Acting Undersecretary of the Navy Gregory J. Slavonic is a many of many talents. A veteran of combat deployments during the Vietnam War, Operations Desert Shield/Desert Storm, and Operation Iraqi Freedom, he counts two Bronze Stars, a Legion of Merit, and Presidential Unit Citation among his many awards. He is, by most measures, a sailor of distinguished service

But let’s be real: as a former sailor, all of those achievements likely pale in comparison to having a custom patch to commemorate his current role in the Navy — a patch that Slavonic recently wore on his flight suit during a visit to Marine Corps Base Camp Pendleton in California on Tuesday.

Navy photo

Slavonic was visiting Marines at Camp Pendleton “to gain enhanced insight to fleet modernization, cyber and readiness efforts that will ultimately build a more lethal force,” according to the service. The visit included an orientation flight in an AH-1Z Viper assigned to Marine Light Attack Helicopter Squadron 369, Marine Aircraft Group 39, 3rd Marine Aircraft Wing.

But let’s zoom in on that patch just a bit more:

Navy photo

Upon close inspection, the patch appears to show the silhouette of a figure wearing a cowboy hat and trench coat, his hands clasped behind his back with what appears to be a six-shooter revolver in his right hand. The gunfighter is emblazoned on a jet-black background alongside the word ‘UNSECNAV’ in blood red.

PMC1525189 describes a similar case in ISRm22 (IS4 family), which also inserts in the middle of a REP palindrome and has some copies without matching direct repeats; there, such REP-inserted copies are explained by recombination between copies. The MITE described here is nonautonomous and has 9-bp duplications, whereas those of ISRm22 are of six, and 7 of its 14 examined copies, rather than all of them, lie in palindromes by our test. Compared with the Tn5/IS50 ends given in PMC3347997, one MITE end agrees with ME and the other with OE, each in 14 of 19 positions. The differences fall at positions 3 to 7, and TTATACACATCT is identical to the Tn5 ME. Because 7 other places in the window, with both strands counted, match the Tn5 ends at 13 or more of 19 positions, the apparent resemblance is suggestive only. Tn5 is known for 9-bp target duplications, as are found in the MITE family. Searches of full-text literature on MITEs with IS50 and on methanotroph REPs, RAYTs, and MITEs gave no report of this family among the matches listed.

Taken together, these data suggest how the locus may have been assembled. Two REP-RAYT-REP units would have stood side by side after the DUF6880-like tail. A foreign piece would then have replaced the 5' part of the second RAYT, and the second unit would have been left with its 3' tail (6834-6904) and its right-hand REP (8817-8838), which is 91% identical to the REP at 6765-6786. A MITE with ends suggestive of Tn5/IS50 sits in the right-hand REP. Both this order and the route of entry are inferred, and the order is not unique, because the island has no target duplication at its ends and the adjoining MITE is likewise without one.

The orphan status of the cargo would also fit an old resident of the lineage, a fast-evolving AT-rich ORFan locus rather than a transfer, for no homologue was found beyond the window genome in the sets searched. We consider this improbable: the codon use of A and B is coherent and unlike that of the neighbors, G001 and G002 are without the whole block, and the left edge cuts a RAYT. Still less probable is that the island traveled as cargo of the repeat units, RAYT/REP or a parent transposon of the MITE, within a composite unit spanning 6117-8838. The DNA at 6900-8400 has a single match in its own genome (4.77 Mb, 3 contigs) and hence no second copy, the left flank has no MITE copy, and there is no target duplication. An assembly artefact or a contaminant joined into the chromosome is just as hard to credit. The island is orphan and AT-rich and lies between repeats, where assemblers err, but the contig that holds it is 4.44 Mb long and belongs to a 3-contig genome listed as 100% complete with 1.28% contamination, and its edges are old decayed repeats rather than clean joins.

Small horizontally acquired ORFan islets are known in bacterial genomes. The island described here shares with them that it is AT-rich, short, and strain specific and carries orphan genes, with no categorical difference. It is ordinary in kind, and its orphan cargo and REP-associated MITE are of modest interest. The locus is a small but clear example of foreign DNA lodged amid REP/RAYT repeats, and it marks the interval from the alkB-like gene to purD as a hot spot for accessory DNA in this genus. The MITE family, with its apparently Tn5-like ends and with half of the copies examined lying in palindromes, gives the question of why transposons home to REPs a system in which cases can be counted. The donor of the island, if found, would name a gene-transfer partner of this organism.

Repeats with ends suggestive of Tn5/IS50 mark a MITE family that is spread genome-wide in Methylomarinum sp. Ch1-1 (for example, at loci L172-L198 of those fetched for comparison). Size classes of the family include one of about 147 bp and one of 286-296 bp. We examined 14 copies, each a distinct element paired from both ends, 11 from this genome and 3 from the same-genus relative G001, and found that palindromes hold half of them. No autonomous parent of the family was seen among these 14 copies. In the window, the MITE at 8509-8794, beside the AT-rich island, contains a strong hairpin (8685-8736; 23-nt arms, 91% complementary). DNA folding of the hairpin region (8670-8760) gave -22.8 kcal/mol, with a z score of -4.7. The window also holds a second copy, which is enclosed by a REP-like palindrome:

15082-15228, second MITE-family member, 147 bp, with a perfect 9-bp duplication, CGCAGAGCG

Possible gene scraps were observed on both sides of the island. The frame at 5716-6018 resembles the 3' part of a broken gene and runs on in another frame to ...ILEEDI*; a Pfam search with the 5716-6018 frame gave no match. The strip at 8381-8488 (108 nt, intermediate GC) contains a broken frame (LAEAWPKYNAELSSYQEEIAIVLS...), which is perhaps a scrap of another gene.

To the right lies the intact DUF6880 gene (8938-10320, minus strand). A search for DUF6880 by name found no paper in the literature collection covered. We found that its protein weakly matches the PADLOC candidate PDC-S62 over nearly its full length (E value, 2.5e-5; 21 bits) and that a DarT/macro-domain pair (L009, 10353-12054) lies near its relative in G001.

Navy photo

If this gunfighter looks familiar, well, he should: It’s actually the silhouette of Clint Eastwood from the poster of his 1992 film Unforgiven. The Academy Award-winning movie starred Gene Hackman, Morgan Freeman, and Richard Harris alongside Eastwood in the latter’s final Western.

Navy photo

It’s unclear why, exactly, Unforgiven was the inspiration for a custom patch, or if he was even responsible for the selection in the first place. According to the Chief of Naval Information, Marine Air Wing 39 provided the secretary with the patch upon his arrival at Camp Pendleton.

The patch was created by Army veteran Jack Hinton, owner of, which makes most of the squadron patches for the Corps. 

“It’s a standard HMLA-369 shoulder patch,” Hinton told Task & Purpose. “We keep the blanks in stock and add lettering as requested by the squadron.”

Here’s to you, Slavonic: you now have another piece of memorabilia to add to your office.

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